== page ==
reasons for the Jewish view. It does not mean that there are not intelligible
reasons for the Christian view. It does not deny anything of what is common to
both. Paul's example in Romans about the love of his people is to be a model.
This is the only "truly Christian attitude is a situation which is mysteriously
part of the beneficent and positive plan of God."
The framework of this thinking is most useful. Cardinal
Vanhoye did us a favor to briefly point it out. How is the Old Testament seen
in the New Testament? How are the Jewish people pictured in the New Testament?
No one denies that sins have been committed on both sides over the centuries
partly because we were not clear on what was in the traditions of both about
what each other was.
If we ask, "How were the Jewish people treated by Yahweh in
the Old Testament?" the answer is often very harshly, but with love too to call
them back. Christ said to Peter at one point, "Get thee behind me Satan." Sins
can be repented and forgiven. This, as we believe, was one of the real purposes
of there being a New Testament in the first place.
The vast majority of the Jews profess to live with what they
see in the Old Testament. They see nothing further in the New Testament. The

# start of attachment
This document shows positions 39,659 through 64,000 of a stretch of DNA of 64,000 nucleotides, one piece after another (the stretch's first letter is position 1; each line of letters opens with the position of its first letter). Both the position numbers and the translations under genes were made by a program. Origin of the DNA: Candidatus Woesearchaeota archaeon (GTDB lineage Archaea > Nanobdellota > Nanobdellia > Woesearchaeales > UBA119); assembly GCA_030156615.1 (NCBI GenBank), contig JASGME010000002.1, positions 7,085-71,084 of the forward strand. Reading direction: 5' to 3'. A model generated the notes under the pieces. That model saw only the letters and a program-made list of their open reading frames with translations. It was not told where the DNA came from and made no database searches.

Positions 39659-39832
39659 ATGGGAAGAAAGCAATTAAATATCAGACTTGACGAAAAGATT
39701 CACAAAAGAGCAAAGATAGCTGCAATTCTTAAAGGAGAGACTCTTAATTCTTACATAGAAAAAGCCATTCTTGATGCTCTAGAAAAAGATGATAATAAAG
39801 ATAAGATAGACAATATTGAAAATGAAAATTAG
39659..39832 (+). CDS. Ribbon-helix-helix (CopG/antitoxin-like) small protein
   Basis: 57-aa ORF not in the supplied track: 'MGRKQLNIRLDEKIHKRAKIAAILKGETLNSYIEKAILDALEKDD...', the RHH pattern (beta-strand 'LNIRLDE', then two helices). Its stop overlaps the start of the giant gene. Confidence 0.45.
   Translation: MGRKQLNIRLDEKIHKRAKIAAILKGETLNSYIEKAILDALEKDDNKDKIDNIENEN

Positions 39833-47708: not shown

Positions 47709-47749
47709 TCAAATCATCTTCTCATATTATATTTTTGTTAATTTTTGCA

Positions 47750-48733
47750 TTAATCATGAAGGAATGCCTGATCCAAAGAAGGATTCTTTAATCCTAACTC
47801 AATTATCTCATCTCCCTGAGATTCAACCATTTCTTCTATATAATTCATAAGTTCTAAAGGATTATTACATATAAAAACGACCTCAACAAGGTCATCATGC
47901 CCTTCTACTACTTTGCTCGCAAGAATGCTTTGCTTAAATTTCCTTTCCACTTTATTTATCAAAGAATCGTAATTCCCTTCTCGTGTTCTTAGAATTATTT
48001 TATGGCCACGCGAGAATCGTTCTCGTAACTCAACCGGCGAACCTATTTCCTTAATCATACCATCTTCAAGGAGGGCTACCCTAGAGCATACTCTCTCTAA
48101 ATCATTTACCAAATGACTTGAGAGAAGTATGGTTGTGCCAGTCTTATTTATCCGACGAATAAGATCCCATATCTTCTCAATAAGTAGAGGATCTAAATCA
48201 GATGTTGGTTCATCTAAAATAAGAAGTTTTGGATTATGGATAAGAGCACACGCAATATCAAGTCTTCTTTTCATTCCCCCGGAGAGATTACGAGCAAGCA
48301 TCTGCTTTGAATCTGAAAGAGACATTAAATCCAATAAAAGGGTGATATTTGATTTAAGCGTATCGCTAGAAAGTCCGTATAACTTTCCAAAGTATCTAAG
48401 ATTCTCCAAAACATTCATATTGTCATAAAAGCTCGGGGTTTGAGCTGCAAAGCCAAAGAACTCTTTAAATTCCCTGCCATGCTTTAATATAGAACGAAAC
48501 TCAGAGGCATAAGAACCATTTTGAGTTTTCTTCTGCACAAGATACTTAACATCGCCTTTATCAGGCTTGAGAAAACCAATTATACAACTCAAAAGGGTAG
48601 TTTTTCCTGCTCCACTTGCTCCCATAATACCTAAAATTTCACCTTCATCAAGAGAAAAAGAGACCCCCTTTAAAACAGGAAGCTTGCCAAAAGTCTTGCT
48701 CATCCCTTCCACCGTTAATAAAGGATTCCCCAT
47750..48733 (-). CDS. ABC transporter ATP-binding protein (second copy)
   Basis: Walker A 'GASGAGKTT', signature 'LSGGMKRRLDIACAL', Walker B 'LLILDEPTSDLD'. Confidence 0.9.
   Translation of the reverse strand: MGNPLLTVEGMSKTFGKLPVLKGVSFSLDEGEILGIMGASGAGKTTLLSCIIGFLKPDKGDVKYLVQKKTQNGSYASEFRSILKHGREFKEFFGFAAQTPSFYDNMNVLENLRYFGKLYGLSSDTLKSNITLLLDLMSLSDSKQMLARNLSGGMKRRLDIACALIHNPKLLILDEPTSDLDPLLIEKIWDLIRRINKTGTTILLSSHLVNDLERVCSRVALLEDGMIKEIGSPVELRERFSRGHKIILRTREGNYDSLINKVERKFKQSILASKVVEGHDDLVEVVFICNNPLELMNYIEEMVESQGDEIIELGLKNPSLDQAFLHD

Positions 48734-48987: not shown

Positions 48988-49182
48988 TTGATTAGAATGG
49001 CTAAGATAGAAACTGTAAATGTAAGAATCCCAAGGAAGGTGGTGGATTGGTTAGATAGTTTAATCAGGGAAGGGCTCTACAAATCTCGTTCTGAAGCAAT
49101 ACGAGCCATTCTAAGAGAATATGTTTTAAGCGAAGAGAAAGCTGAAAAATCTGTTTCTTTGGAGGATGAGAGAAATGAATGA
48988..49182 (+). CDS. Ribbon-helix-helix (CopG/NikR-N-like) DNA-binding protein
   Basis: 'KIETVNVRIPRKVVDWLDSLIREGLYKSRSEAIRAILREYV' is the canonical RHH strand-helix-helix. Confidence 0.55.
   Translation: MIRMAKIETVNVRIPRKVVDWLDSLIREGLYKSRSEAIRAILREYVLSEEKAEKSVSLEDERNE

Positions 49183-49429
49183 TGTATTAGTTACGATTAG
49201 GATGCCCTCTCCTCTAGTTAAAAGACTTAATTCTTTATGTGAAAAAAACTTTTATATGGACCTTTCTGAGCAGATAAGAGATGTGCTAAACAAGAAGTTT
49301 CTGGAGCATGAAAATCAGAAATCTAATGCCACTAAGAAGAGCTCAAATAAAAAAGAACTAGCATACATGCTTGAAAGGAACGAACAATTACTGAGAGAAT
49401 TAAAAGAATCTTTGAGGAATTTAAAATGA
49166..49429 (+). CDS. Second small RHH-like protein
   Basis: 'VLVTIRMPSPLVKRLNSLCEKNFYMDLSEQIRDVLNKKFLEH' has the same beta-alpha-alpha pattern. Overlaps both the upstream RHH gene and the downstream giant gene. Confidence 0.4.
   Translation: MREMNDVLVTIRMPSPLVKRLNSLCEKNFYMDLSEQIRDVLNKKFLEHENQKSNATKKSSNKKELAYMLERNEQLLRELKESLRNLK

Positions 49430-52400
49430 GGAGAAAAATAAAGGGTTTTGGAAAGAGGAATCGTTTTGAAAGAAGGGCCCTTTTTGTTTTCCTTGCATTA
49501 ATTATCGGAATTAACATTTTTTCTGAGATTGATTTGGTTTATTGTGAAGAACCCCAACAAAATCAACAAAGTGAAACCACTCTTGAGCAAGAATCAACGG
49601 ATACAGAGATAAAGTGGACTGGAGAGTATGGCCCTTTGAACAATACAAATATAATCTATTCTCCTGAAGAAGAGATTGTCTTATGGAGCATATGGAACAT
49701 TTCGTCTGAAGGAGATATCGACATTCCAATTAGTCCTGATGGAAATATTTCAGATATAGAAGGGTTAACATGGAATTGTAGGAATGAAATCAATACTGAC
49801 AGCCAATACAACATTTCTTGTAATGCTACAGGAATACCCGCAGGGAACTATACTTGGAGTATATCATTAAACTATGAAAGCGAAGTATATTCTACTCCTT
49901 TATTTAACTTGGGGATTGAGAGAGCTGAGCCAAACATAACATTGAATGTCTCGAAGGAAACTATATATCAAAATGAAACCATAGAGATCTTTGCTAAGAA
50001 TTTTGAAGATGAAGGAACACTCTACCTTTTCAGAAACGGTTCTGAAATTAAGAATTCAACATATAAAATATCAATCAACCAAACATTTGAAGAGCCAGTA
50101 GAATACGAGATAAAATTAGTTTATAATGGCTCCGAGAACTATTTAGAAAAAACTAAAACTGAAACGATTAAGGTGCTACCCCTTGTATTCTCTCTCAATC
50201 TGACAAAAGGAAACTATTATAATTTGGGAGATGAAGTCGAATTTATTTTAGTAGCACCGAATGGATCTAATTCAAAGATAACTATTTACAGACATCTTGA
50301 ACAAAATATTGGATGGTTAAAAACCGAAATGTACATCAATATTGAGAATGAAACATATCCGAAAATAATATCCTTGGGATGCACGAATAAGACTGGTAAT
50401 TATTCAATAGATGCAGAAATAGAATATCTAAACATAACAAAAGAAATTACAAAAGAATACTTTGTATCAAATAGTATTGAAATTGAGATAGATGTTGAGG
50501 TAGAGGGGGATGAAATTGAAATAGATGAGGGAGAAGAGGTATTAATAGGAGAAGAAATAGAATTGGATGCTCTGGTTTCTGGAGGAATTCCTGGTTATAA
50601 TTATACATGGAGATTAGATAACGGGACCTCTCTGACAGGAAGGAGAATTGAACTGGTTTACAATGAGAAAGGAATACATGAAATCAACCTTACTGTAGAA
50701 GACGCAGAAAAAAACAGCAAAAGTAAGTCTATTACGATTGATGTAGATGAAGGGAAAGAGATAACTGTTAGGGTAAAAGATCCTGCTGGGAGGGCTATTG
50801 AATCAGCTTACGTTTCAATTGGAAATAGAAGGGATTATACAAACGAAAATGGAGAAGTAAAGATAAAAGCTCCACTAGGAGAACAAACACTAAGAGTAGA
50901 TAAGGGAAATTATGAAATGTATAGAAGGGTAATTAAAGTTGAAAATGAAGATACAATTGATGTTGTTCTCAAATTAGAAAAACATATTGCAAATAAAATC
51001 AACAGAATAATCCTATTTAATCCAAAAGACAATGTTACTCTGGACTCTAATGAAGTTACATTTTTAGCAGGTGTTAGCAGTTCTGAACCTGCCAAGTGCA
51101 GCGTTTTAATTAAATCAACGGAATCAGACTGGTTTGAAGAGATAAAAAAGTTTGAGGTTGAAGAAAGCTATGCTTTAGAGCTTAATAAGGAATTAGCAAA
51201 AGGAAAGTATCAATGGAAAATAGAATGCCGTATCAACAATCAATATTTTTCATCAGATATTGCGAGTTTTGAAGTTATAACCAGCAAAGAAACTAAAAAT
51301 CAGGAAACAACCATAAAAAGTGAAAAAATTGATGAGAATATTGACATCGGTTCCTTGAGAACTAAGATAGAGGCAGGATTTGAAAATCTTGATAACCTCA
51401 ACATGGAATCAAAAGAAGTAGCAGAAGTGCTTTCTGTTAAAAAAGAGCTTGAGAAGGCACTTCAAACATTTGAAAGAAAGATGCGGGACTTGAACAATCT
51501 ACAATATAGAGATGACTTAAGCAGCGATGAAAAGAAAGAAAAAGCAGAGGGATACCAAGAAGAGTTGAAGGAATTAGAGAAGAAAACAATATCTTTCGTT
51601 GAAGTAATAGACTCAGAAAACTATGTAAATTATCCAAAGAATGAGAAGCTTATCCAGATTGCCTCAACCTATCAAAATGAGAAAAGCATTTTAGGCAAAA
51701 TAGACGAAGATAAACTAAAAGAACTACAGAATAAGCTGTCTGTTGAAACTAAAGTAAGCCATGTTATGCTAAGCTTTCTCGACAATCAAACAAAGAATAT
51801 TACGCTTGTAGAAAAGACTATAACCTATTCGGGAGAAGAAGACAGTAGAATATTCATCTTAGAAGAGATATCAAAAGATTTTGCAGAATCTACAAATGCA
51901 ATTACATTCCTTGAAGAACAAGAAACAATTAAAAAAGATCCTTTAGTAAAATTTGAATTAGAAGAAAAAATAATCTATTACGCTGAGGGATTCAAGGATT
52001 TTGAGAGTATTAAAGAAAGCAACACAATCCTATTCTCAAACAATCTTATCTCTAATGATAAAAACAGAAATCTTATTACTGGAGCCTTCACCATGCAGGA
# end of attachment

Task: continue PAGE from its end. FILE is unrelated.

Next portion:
vast majority of Christians see in the New Testament the fulfillment of God's
plan of salvation in Christ for everything, including the Jews and the
Gentiles. Both can admit that the Old Testament portent some kind of further
completion. No one can deny, believer or not, that a possible reading of the
Old Testament sees its completion in the New Testament, as Benedict's Jesus
of Nazareth repeatedly indicates.
But in both cases, Jews reading the Old Testament,
Christians reading both testaments, we need faith, wisdom, and, yes, goodness,
to see the whole. Study alone, dialogue alone, useful as they are, certainly
better than polemics, are not enough. It is not a neutral thing for mankind
that the unity of Scripture is not seen by all. Revelation includes
intelligence. It also includes grace, and the mysterious ways of God. We know